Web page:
• Arthritis or other rheumatological problems stemming from immune responses to the additives or impurities.
  • An increased risk of infections such as hepatitis B and C, HIV, and other blood-borne viruses from shared injection equipment.
  • Muscle stiffness.
  • Wound botulism, which is a serious illness caused by a germ that gets into a wound and makes a toxin that attacks nerves in the body.
  • Respiratory complications, such as fluid in the lungs, collapsed lungs, shortness of breath, an increased risk of tuberculosis, difficulty breathing, pulmonary hypertension, and pneumonia.
  • A greater chance of developing a heroin use disorder, the clinical term for heroin addiction.

Smoking Heroin

Smoking heroin, which involves heating the drug and inhaling the vapors, gained popularity in recent years since it avoids the use of needles.4

Some individuals smoke heroin through a glass pipe; others heat the powder using a flame under tinfoil, inhaling the resulting vapor through a straw or other tube-like structure, a method referred to as “chasing the dragon” (since the individual must chase the smoke).8,9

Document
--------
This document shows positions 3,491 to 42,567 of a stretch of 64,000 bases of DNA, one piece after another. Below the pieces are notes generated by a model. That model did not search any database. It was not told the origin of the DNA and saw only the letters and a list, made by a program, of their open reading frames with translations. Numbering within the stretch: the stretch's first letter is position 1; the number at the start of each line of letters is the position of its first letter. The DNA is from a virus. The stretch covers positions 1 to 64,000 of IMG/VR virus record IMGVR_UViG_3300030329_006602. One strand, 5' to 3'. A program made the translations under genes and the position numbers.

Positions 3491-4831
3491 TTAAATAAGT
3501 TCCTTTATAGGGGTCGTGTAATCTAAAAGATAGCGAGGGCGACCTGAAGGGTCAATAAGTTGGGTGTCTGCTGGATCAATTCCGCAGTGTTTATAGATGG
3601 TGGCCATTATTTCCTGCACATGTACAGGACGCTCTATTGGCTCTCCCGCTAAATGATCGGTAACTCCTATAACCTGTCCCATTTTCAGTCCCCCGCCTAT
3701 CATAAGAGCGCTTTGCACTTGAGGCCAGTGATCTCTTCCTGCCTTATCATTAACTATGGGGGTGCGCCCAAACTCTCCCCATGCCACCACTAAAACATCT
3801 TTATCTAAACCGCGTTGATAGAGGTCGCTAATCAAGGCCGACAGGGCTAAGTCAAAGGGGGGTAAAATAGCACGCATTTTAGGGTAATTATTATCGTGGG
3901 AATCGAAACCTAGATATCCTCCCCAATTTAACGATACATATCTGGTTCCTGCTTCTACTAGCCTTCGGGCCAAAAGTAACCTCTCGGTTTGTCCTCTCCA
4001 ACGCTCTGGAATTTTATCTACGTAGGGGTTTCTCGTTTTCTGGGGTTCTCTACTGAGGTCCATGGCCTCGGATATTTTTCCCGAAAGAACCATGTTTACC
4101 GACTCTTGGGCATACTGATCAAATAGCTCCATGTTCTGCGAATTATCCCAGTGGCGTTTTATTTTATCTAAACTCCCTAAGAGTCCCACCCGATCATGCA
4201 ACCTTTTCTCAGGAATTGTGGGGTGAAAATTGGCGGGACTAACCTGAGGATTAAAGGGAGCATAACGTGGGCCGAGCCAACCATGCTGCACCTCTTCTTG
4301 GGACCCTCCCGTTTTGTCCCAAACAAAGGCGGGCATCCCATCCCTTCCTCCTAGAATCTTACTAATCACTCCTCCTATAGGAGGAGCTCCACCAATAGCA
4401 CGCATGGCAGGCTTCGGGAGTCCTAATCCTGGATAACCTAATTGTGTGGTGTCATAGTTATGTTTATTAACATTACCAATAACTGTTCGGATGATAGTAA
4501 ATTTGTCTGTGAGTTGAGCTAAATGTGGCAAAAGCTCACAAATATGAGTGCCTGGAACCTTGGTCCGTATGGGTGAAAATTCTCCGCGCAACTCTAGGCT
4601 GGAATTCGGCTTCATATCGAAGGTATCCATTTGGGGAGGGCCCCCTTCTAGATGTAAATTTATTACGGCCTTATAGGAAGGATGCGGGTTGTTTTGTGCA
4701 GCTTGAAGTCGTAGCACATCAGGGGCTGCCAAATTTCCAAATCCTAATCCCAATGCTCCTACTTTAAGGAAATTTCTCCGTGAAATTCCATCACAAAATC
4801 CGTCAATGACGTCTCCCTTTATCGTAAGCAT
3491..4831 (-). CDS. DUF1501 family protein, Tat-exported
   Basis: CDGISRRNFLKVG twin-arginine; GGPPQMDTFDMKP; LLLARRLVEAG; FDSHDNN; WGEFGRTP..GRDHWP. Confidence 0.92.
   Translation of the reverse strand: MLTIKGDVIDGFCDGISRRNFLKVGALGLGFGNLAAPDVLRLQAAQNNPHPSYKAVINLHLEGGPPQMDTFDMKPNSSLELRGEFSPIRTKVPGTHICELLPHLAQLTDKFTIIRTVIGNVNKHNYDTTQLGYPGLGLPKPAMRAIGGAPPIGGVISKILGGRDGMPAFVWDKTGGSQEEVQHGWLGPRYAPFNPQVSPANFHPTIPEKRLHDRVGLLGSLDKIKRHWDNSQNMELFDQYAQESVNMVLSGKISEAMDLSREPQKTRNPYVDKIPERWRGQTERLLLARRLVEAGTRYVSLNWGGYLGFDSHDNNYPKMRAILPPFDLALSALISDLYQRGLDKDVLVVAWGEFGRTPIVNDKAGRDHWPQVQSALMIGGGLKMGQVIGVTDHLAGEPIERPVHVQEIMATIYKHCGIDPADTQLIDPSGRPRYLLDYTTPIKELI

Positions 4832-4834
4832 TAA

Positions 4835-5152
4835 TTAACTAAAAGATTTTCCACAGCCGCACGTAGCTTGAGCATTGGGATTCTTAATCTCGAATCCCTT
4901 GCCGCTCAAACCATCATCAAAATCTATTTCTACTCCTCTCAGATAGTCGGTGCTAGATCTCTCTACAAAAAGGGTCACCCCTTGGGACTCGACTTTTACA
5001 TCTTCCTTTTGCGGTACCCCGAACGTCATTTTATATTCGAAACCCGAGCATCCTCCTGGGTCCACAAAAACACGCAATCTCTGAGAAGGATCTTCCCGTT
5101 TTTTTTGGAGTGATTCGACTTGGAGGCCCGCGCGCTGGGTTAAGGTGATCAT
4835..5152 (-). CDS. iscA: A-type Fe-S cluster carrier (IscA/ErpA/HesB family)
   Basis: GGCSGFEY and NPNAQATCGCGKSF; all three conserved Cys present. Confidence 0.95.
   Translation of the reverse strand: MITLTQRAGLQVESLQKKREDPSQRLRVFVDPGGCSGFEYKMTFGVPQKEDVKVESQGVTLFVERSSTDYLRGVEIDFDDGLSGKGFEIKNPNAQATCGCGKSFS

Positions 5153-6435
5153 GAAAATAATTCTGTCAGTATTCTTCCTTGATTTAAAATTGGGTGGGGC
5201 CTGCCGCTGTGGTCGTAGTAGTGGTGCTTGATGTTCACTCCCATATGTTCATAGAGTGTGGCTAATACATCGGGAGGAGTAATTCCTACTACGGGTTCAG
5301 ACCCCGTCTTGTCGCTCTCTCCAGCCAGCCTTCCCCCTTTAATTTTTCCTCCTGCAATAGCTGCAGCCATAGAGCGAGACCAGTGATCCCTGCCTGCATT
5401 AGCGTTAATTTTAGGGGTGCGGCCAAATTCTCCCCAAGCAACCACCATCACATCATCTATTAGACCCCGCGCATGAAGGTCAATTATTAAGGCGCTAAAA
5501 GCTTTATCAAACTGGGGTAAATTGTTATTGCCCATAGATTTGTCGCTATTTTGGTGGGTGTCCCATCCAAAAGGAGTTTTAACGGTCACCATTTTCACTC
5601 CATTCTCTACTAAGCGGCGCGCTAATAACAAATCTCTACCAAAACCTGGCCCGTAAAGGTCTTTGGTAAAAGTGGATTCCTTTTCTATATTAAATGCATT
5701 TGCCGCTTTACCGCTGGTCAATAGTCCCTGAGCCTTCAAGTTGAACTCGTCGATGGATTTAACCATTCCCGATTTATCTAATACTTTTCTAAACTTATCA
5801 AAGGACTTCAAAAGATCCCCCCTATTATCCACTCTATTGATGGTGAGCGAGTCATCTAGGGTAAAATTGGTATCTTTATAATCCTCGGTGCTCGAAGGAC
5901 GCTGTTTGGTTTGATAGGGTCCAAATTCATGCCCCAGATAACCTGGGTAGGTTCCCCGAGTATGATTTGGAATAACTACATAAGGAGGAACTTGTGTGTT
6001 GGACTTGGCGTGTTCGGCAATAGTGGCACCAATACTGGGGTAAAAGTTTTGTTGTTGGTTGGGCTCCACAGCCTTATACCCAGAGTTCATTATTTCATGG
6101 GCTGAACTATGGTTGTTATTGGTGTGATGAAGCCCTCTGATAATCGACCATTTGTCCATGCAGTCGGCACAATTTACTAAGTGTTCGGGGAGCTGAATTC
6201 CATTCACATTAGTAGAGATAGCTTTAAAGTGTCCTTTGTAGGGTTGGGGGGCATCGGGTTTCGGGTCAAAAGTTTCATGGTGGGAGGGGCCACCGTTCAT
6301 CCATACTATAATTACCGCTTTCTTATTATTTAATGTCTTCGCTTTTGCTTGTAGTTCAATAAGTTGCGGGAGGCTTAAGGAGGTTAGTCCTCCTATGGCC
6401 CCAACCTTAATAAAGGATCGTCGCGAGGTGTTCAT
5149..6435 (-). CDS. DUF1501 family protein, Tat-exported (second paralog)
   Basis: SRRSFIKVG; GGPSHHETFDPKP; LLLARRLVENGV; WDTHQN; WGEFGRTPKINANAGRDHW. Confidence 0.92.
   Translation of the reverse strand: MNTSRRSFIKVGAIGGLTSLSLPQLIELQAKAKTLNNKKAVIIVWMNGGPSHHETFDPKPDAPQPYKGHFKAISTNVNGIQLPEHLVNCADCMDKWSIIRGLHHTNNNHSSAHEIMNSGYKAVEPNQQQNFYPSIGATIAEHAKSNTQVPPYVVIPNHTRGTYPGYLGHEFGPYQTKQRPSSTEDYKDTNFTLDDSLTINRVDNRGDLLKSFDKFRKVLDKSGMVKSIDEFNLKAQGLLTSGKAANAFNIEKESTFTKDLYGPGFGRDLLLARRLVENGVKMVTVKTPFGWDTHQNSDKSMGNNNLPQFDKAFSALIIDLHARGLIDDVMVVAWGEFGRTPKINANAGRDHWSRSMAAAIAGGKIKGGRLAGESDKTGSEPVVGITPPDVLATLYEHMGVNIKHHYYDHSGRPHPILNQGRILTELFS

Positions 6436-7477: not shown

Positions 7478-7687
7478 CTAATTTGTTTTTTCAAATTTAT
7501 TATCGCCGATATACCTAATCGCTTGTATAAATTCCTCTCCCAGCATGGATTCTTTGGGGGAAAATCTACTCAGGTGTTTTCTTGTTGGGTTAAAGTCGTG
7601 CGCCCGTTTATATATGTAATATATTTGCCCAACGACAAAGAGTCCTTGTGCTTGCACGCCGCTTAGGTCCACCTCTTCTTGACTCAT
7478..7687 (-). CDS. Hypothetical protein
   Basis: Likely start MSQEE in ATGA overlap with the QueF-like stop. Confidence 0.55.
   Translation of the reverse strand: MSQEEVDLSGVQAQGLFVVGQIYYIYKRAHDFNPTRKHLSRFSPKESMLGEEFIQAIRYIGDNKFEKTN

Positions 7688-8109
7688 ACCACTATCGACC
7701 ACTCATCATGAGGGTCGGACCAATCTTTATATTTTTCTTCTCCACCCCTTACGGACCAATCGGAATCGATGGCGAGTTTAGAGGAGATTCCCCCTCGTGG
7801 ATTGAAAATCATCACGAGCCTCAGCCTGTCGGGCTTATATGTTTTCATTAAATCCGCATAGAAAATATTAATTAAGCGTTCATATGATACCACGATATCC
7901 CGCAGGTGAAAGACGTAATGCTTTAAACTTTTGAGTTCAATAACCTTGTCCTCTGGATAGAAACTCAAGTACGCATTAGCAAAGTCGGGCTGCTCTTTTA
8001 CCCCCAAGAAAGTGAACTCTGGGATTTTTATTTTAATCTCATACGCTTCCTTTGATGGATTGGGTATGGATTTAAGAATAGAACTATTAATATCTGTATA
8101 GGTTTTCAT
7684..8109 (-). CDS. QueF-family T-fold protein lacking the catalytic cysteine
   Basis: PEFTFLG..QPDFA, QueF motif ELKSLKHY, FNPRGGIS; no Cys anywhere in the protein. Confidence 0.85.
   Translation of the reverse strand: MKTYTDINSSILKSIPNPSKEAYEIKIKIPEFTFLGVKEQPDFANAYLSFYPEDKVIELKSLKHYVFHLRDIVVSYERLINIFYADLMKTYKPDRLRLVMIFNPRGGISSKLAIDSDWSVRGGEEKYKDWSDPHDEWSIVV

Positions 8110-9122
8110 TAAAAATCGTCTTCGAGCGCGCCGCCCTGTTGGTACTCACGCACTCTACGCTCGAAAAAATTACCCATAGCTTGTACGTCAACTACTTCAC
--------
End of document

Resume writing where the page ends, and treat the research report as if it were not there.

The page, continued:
Similar to injecting the drug, smoking heroin produces effects quickly. And while some consider smoking heroin to be a less risky alternative to injecting it, this method of ingestion is associated with several negative health effects, including:3,4,10

  • Respiratory problems, such as difficulty breathing, wheezing, breathlessness, emphysema, persistent cough with excess mucus, edema, a greater risk of getting pneumonia, chronic obstructive pulmonary disease (COPD), and other lung diseases.
  • Spongiform leukoencephalopathy, which is characterized by progressive damage to the white matter in the brain and can lead to muscle spasms, hyperactive reflexes, and sometimes death.
  • Addiction.

Snorting Heroin

Snorting heroin brings on a rapid onset of effects, which is one reason individuals may choose this method.4 Additionally, some favor this route of administration because of ease of use or to avoid the stigmas associated with injection use.3,4 Mistakenly considered a less risky method of ingestion, snorting heroin can cause harmful effects, which may include:1,3,4,7

  • An increased risk of developing hepatitis C with shared snorting paraphernalia.
  • Fungal infections or death of the tissues in the sinuses.